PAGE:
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Tigers reliever Al Alburquerque's 'kiss' has Athletics ticked off

Some A's are upset after Al Alburquerque kissed the baseball before throwing to first for key out in Game 2. But down 2-0 in series, they have bigger worries.

October 09, 2012|By Dylan Hernandez, Los Angeles Times
  • Al Alburquerque kissed the ball before tossing it to first.
Al Alburquerque kissed the ball before tossing it to first. (Robin Buckson / Associated…)

OAKLAND — The Oakland Athletics didn't look or sound on Monday like a team on the verge of elimination.

Players on this low-budget, platoon-happy team talked about how they had overcome worse situations on their way to the best-of-five American League division series, in which they trail the Detroit Tigers, two games to none. On the eve of a potential elimination game in their home stadium, the Athletics smiled, even laughed, as they recalled recent glories.

But the smiles disappeared and the laughter was muted when they were asked about "The Kiss."

"Obviously, he doesn't believe in baseball gods," designated hitter Jonny Gomes said. "But I do."

Gomes was talking about Tigers reliever Al Alburquerque, who committed the sin of exhibiting his excitement in a sport that celebrates stoicism.

With two out and the score tied in the ninth inning in Game 2, Alburquerque got Yoenis Cespedes to hit a comebacker. Alburquerque caught the ball, removed it from his glove and kissed it before tossing it over to first base. The Tigers won the game in the bottom of the inning.

Cespedes, a Cuban-defector-turned-millionaire No. 3 hitter, was noticeably annoyed to have to interact with reporters Monday. He was even more so when asked about Alburquerque.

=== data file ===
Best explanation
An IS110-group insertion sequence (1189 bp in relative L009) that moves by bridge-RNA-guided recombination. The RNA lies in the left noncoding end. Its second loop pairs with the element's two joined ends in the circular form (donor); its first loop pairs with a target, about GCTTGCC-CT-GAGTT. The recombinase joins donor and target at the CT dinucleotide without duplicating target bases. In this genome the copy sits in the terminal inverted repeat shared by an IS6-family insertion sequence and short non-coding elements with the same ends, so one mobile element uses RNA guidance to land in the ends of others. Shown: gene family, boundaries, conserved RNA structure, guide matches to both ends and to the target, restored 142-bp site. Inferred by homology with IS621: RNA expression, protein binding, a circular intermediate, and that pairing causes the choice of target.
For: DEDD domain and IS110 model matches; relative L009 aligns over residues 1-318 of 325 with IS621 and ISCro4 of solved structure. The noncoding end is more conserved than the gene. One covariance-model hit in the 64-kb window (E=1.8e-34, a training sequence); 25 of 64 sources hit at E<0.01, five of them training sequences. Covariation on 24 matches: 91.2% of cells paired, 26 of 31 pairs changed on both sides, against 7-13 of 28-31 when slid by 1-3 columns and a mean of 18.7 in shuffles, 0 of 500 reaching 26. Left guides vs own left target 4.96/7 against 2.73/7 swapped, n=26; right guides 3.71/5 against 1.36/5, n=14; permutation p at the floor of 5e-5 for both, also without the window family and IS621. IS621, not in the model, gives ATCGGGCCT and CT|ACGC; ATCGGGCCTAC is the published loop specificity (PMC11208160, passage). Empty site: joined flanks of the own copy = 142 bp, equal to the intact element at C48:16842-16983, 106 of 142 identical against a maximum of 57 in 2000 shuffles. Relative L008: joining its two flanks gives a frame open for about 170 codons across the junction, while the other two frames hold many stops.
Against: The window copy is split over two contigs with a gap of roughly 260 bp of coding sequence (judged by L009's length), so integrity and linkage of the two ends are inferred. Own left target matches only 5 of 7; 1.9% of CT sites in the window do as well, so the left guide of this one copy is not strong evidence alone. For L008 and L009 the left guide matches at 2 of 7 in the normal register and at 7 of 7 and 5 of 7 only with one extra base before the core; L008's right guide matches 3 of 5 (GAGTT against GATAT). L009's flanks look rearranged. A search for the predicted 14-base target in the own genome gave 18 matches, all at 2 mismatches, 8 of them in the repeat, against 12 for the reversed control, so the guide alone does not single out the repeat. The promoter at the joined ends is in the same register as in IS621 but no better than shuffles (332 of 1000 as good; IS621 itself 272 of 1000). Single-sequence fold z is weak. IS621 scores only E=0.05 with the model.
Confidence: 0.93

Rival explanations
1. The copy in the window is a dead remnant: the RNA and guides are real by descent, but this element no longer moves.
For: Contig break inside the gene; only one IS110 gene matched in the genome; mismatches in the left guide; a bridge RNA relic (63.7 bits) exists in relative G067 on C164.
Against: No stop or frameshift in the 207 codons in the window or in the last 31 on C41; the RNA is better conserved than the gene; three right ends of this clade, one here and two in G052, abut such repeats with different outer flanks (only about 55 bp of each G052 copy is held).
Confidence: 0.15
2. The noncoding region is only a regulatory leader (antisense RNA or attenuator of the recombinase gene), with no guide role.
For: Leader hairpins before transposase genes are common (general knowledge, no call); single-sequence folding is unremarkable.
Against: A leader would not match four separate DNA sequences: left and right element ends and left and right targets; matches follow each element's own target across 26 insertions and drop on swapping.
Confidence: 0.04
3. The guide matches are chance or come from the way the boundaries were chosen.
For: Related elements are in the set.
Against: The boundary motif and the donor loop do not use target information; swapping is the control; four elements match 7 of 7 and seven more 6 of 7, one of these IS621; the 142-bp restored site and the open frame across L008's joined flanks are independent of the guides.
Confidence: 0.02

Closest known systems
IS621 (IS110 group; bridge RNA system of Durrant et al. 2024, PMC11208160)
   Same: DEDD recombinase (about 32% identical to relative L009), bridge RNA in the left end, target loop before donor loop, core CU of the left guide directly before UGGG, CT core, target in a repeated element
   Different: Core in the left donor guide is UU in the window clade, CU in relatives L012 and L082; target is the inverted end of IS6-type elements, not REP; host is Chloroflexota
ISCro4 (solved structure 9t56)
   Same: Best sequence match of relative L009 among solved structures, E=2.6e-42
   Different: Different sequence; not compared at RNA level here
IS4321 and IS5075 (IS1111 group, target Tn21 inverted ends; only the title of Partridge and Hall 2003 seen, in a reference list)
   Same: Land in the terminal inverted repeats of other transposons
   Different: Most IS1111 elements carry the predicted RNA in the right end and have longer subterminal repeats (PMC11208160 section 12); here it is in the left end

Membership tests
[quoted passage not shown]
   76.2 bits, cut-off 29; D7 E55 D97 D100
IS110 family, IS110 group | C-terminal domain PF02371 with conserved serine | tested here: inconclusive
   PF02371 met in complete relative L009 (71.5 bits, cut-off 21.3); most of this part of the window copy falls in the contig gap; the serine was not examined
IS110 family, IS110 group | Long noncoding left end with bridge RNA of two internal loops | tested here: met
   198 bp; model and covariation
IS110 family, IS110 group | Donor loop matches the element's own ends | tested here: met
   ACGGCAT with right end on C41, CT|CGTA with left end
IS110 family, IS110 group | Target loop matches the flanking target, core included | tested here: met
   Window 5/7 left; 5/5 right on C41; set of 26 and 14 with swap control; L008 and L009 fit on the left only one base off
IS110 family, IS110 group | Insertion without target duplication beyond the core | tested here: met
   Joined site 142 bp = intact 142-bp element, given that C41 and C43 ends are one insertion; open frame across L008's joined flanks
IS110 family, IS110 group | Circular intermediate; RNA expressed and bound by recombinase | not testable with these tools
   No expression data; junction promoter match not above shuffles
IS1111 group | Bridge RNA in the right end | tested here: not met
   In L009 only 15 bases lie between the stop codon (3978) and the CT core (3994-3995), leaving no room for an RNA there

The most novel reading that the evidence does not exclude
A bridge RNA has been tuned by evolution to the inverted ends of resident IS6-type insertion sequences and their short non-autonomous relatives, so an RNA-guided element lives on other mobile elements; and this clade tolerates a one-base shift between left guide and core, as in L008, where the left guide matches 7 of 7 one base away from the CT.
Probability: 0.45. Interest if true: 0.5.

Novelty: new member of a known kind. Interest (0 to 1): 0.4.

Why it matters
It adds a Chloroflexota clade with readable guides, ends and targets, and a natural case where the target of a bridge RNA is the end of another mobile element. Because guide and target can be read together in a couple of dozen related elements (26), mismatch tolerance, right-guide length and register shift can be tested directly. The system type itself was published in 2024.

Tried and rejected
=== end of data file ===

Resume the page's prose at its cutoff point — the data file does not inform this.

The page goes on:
Cespedes backtracked from comments he made Sunday about how he would kiss the barrel of his bat after hitting a ball hard off Alburquerque.

"I'm not going to do that," Cespedes said. "I'm a professional."

Were Alburquerque's actions professional?

"To me, no," Cespedes said.

Over in the other clubhouse, Alburquerque explained that he never meant to offend anyone.

"It was the emotion of the game, nothing more," he said. "It's something that just came out in the game. . . . It was a big out for the team."

Nearby, Tigers reliever Octavio Dotel playfully shouted, "Keep getting outs and you can kiss the ball every time!"

Alburquerque, who is from the Dominican Republic, suggested that the uproar was the result of cultural differences. Still, some of his teammates took the time to tell him privately to refrain from such demonstrations in the future.

About the only Athletics player who wasn't bothered by Alburquerque's actions was former Tiger Brandon Inge.

"Me, personally, I just laugh because I know how he is," Inge said.

And how is he?

"He's unique," Inge said.

"The Kiss" wasn't the only subject that upset the Athletics. The schedule did too.

As the higher-seeded team, the AL West champions had to play the first two games of the series in Detroit. The Athletics are scheduled to host the next three games, but they are guaranteed to play only one.

"I think it's terrible that we had to go there," closer Grant Balfour said. "That's not right. We won 94 games. We should get the home-field advantage. We were the better team. We have the better record."

But the Athletics insisted they weren't finished. They pointed to how they were as many as 13 games out of first place and the number of crushing losses they put behind them.

"We've had like four, five season-ending losses throughout the year," Gomes said.

The most recent was in New York on the team's final trip. With a chance to cut the Texas Rangers' lead in the standings to three games, the Athletics dropped a 14-inning game to the Yankees.

"But we won the next day," Gomes said.

The Athletics had to sweep the Rangers in the final series of the regular season to win the division. The last day of the season was their first in sole possession of first place.

Gomes listed several setbacks the Athletics had to overcome: the August trade of team leader Kurt Suzuki to the Washington Nationals; the injury to projected third base starter Scott Sizemore in spring training; the loss of pitcher Brandon McCarthy, who suffered a skull fracture when hit in the head by a line drive and had to undergo brain surgery; the loss of pitcher Bartolo Colon, who was suspended for violating baseball's drug policy.

"Some dude kissing a ball in between the lines isn't going to bum us out at all," Gomes said.

dylan.hernandez@latimes.com

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